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Worth an Upgrade While Saving?

Binoculars Beginner Equipment
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#1 Chicken

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Posted 17 May 2024 - 01:35 PM

Hey guys,

 

As my signature suggests I have a pair of Leupold Wind River 8x42 binoculars that were gifted to me. They must have been used when I got them as it appears the coating on the lenses is worn. When looking at the lenses it doesn't seem like they have an amazing coating for light gathering, and it's almost impossible to focus them (maybe user error?). They seem like really nice Binos for wildlife viewing although I'm beginning to wonder if I'd be better suited with a pair of cometrons or something similar.

 

I'm currently saving to get an 8" dob, the area I live in doesn't have used ones for sale very often, so I'll likely have to buy new. Among the never-ending flow of bills I've experienced recently it might be a while, so I want some opinions. I can't find much online about my binos so I can't tell how they match up against others on the market. I have fun with them but can see some obvious points of improvement. Would you guys upgrade in my position or just stick with my current setup?



#2 sevenofnine

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Posted 17 May 2024 - 03:07 PM

If you just want a good quality replacement binocular without going overboard then the Nikon Monarch M5 8x42 is very good for day hikes and decent for night views. On the other hand, if you just want to add a binocular that's great for night sky scanning then I recommend considering the Nikon AE 10x50. Good luck with your choices! borg.gif

 

https://www.bhphotov...culars_and.html.

 

https://www.bhphotov...inocular&sts=ma.


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#3 jrazz

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Posted 17 May 2024 - 03:58 PM

If you don't have the money then don't upgrade!

 

We tend to look very critically at these things and make it seem as though there is a huge difference but ultimately the more important thing is to just go out and look. 

Your binoculars should be perfectly sufficient and can be great fun for many many years. Try to use them as much as you can. You'll know if they are limiting you. 


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#4 gwlee

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Posted 17 May 2024 - 04:24 PM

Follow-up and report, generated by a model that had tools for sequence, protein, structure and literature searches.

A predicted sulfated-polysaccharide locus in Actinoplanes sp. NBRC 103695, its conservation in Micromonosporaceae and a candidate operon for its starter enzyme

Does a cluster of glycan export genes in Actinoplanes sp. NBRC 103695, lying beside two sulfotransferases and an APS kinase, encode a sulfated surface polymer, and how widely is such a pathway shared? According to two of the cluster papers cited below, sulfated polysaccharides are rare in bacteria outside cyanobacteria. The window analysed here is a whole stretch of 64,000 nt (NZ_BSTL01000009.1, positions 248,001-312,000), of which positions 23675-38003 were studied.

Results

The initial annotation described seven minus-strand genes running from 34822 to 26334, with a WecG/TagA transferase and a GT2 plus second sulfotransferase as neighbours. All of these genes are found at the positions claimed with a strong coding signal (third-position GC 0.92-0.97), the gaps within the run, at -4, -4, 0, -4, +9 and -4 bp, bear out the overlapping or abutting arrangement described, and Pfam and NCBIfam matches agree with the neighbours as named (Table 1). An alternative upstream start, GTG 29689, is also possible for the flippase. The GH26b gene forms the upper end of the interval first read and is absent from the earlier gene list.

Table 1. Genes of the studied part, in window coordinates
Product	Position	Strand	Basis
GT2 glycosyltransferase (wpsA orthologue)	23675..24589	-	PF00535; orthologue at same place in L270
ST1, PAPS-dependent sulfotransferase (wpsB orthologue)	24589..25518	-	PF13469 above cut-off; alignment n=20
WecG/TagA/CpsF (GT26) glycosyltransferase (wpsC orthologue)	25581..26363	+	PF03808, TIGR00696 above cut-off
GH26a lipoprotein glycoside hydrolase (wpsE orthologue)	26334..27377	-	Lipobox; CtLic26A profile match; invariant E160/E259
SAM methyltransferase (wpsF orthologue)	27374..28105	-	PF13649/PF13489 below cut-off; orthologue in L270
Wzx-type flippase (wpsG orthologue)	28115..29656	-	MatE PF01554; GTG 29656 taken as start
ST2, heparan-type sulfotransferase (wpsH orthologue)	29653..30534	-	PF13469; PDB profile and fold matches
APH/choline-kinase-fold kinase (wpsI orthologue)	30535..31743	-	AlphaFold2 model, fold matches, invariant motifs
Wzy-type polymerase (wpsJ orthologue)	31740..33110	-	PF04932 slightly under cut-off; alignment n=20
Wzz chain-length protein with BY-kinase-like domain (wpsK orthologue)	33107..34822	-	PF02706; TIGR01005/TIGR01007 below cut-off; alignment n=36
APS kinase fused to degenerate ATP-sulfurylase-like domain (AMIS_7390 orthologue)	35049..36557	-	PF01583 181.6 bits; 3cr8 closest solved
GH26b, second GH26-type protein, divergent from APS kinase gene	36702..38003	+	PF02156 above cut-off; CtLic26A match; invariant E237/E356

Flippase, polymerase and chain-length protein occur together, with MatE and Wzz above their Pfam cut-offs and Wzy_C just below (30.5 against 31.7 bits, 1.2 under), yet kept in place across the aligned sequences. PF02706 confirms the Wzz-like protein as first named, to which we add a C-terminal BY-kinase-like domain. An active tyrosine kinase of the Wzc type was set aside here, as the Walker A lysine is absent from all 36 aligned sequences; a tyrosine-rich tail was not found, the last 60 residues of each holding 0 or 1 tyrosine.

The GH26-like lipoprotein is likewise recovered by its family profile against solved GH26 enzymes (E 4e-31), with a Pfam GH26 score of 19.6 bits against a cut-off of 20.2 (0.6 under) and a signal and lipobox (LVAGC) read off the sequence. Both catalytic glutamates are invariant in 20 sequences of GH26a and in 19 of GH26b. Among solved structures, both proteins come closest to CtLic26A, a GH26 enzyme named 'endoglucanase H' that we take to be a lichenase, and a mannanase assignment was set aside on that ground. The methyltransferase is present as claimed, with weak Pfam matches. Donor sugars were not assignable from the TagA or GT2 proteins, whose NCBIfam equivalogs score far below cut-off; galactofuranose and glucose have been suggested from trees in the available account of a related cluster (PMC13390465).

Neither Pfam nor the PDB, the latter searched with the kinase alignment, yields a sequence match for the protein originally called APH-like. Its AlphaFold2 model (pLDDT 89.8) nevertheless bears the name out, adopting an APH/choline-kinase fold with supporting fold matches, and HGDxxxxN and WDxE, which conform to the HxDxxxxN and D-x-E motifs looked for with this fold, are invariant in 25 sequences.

I would start by learning to focus them. If it turns out they are broken, so can’t be focused, I would replace them. Otherwise, they should be fine for getting started in astronomy. 


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#5 pat in los angeles basin

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Posted 17 May 2024 - 04:28 PM

clean the optics, learn how to use a bino if they are an unknown to you then use them! The scratched /damaged coating will cut down on the contrast  more on bright objects- fill moon/brightest stars/planets  and daylight use  aiming anywhere near the sun, but  for the rest of the time, should be good. Use what you have,  learn, then throw money at what you really really want... An 8x40 ish bino is a good place to start. The darker the skies - the greater the # of stars, the better.

https://imaging.niko...using/using_01/

 

Directions for using center focus /individual focus binoculars


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#6 Chicken

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Posted 17 May 2024 - 04:36 PM

If you don't have the money then don't upgrade!

I definitely keep coming back to this. If I'm supposed to be saving for a dob I'll just have to wait longer if I spend some of that money on a new pair of binoculars.

 

 Your binoculars should be perfectly sufficient and can be great fun for many many years.

Thanks for the encouragement, my fear is killing my passion with frustration. I know that if I continue to be unable to focus the binoculars, I'm going to get very frustrated. Of course, I can always rely on naked eye observing but the binoculars add a new layer to it that keeps me engaged. Plus, I get to learn a little bit of star hopping before I jump into the big leagues with the aforementioned dob. I'll definitely keep up with my current binos for a while before making a decision though!